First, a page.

Ron’s Place: Birkenhead flat of outsider art granted Grade II listing

<span>Ron’s Place is thought to be the first example of outsider art to be nationally listed.</span><span>Photograph: Historic England Archive 2024/PA</span>
Ron’s Place is thought to be the first example of outsider art to be nationally listed.Photograph: Historic England Archive 2024/PA

A ground-floor rented flat in Birkenhead which was crafted over a period of 30 years into an extraordinary palace of outsider art has been given Grade II-listed status.

The flat in Wirral, known as Ron’s Place, is thought to be the UK’s only example of outsider art to be nationally listed.

From the outside it looks like what it is: an attractive but unremarkable Victorian semi-detached house. Inside, the late Ron Gittins created a remarkable fantasy world with brightly coloured historical murals, handmade costumes, and fireplaces sculpted into a minotaur, a lion’s head and a Roman altar.

To step inside the flat is something else. Jaws generally drop. It’s not conventionally great art, but that’s not the point.

One fan is the Pulp singer Jarvis Cocker. “A small number of people on this planet have known for a while that Ron’s Place is a very special place – but from now on it is official,” he said.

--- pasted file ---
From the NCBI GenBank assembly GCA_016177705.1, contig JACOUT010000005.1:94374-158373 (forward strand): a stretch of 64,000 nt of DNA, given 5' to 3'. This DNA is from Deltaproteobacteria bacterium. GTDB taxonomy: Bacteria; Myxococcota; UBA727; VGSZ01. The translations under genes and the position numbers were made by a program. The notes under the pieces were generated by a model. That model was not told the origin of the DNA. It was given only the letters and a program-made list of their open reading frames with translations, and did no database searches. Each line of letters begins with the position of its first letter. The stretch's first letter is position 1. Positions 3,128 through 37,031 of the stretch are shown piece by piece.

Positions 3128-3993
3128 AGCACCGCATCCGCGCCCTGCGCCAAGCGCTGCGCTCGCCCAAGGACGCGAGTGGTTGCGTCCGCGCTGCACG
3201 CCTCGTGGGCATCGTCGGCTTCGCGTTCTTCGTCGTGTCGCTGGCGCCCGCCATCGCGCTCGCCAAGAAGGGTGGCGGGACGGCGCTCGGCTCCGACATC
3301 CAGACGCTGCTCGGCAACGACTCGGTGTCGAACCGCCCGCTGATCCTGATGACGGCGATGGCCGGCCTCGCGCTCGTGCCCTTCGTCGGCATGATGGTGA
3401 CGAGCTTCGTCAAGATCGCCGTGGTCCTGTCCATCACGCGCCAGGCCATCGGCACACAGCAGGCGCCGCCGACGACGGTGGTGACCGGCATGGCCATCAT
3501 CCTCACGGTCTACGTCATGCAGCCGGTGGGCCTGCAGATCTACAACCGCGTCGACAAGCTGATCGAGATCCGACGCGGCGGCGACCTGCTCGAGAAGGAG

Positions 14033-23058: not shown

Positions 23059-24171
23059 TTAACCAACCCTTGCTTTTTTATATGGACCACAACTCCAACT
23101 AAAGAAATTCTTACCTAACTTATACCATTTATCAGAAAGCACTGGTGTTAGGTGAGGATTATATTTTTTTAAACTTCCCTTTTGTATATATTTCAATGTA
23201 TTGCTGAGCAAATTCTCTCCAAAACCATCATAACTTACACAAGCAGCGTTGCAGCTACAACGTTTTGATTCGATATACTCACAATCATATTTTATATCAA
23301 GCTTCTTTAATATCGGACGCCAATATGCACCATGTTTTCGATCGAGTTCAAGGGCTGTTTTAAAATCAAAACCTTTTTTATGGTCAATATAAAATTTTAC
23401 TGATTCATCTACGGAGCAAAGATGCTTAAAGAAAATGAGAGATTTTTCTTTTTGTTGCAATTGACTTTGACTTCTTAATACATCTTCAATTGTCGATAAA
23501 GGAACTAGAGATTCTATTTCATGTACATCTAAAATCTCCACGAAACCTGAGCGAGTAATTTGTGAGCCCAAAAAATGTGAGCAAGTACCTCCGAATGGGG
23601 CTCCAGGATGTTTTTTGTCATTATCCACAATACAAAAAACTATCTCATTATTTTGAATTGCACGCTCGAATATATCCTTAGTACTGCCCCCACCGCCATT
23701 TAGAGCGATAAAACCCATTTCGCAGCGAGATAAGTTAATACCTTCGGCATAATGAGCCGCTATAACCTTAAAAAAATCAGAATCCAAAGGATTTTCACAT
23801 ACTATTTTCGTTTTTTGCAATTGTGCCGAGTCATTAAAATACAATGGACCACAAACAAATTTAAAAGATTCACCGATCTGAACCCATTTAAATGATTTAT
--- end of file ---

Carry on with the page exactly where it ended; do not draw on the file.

“The work of one unique gentleman in the north of England has been recognised nationally. Globally even. Hallelujah!!”

The flat was saved from being stripped of its interiors when campaigners managed to buy the whole house a year ago, thanks to Tamsin Wimhurst, who read about it in the Guardian.

Gittins’ niece Jan Williams said the idea of it being listed was originally a “ploy” to put off other bidders. For it to actually happen “is absolutely brilliant … it has been a long old journey”.

Williams said she thought her uncle would be “absolutely thrilled. He just felt he was on to something, that he was on a mission to create. He said to my dad once: ‘I will not be ignored.’

“Just how audacious is it to stick a great big concrete minotaur fireplace in your rented flat. Other people fret about Blu-Tack stains on the wall.”

Gittins, who died in 2019, aged 79, was a complicated character who most people would have regarded as eccentric.

Alison Bailey-Smith, a volunteer and neighbour, used to bump into him when she was pushing her young children round in their pram. He usually had a wig on and gaiters flapping around above his wellington boots which he had fashioned from newspaper. He also had a pram.

“I never thought to look inside it but apparently he was going off to the local DIY shop to buy concrete or cement to make his amazing structures,” she said.

Like most people, she had no idea what Gittins was up to inside his flat. “I could see that there was creative stuff in the garden and there were two totem poles outside his front door which were interesting.

“His front garden was full of junk but it wasn’t junk, it was his art store, really.”